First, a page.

The best shot of the movie is during the movie’s best song. Fanny, who has decided that she cannot throw away a chance at love even if that means throwing away her job with the biggest vaudeville show in the world, decides to chase after the man she loves. “Don’t Rain on My Parade” takes place over several modes of conveyance, ending on a tugboat. The tugboat passes the Statue of Liberty, which is a bright, crusty, minty green compared to the deep forest green of the tug. The water is still a deep blue, and even the sky does not seem to get much about a light gray. It’s a wide shot, and so we can’t see Streisand’s expression, but we can certainly see her. She’s wearing a solid orange coat which makes her stand out instantly on the deck, a splash of brightness in an otherwise dim world. She holds onto that last syllable of “parade,” a syllable which last many seconds and many notes, and as she flattens herself against the tug like an unexpected splotch of paint, I couldn’t help but grin. It’s pure glory.
In Sunset Boulevard, there’s that scene where Joe is working on Norma’s screenplay, and she sees him cross something out, and immediately she goes over to him and asks what’s up. Joe explains that he’s getting rid of an extraneous part, and she’s aghast. Cutting away from me? she says. Norma, they don’t want you in every scene, he replies, and her response is great. “What else would they have come for?” she asks. It’s meant to be funny because she’s nuts, but also this is why people see movies. They come for something. For Funny Girl, I showed up because of Barbra Streisand. For A Star Is Born, I showed up because of Judy Garland. Watching this movie, you can just imagine the discussion:
Someone says, Let’s make the second half of the movie about the marriage.
Another replies, Sure, but I think we should basically cast Fanny aside so they can see how far Nicky has fallen.
And then someone who has seen Sunset Boulevard says, “Cut away from Barbra? What else would they have come for?”
Then the first person replies, To see how a good woman sacrifices everything because she loves her husband.
And then they all say, “Oh, sure,” and then they do it and they ruin the picture.
I don’t love using this word, because it’s a sign that I’m on Twitter too often, but watching the second half of this movie really feels like an exercise in manufacturing consent. Maybe the lesson we’re supposed to learn here is not to marry a gambler no matter how neat his mustache is, but it’s really about never letting yourself be in a relationship with a woman who’s got more money than you have. While Nick is at his lowest, without funds and with a wife who does not seem to recognize that all the support she’s giving him is chipping away at his pride, an old gambler friend of his, Branca (Gerald Mohr) pops by at the house. He has a business proposition for Nick: run the second club we’re setting up, and we’ll let you in on the profits without even making you put up a share of the investment. A gambler knows better than anyone when something is too good to be true, and it takes him about ten seconds to pin the idea on Fanny, who has of course masterminded this whole thing to get her husband back to his old confident self. It’s not a good scene—you don’t have to know the difference between a straight flush and a toilet flush to know that business doesn’t work this way—and it’s a microcosm of what the movie gets wrong. Fanny’s rise to success, so meteoric that she’s worried she hasn’t suffered enough, has eclipsed her husband, who began to fail in his gambling almost as soon as he got engaged. What the movie hopes is that this trouble in their marriage will be at least as engaging and moving as watching Fanny torment Ziegfeld (Walter Pidgeon, who is a delight as a much more conservative and crusty version of this character than William Powell played), or watching Fanny realize that someone might be able to love her even if she has a schnozz and not a nose, or watching Fanny sing another song. It’s just not, in much the same way that the most interesting part of the Star Is Born movies is never the part with the guy, no matter how good he is. I love James Mason, but come on, I didn’t show up to watch him mope. I showed up because Judy Garland is incandescent. I really enjoy Omar Sharif, but he’s a little out of his depth here, and the camera simply does not love him the way it loves Streisand. His story is simply not why we came, and although I cannot cozy up to this idea that “My wife makes more than I do and now I’m a eunuch,” I’ll grant that someone must have felt that way in 1968. It just doesn’t make it effective.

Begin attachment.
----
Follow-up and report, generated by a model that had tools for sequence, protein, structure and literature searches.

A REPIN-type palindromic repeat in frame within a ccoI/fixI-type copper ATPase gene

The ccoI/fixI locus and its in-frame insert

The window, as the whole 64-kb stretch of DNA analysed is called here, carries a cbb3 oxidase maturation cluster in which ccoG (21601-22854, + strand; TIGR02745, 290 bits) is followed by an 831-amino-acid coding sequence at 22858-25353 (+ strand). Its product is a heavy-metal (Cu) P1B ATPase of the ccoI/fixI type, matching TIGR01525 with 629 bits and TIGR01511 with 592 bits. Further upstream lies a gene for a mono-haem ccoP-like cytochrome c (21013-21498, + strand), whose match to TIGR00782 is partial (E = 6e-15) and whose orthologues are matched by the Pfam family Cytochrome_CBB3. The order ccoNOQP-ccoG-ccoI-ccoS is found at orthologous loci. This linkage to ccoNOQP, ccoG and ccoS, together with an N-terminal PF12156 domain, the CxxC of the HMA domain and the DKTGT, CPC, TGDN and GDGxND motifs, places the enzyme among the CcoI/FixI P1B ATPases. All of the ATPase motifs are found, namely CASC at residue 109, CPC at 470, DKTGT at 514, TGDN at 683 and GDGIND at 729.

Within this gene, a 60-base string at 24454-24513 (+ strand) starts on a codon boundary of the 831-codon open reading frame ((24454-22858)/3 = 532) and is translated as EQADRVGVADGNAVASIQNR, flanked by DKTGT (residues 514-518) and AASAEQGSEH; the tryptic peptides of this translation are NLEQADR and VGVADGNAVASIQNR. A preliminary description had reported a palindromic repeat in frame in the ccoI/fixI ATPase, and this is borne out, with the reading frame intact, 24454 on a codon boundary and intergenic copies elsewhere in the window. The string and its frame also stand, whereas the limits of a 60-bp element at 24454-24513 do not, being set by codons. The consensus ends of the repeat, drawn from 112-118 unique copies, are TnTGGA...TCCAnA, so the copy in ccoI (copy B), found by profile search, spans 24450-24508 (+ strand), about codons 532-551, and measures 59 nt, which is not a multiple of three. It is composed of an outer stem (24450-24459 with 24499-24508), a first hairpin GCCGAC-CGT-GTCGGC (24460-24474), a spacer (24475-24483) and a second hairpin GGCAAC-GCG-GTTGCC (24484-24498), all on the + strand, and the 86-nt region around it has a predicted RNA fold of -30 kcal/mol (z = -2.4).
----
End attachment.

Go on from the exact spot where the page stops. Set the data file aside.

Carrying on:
Nicky is a reason for the songs, but when the movie tries to replace the songs with him, the movie withers. Just as Fanny belted out “Don’t Rain on My Parade” to catch up with him, she croons “My Man,” the movie’s best song (I know what I said earlier), as a way to mourn for the marital happiness she couldn’t hang onto. It’s a tremendous moment, but it has nothing to do with how we might feel about Nicky, or his failure. It is a testament to Streisand’s talent and not to Fanny’s sadness.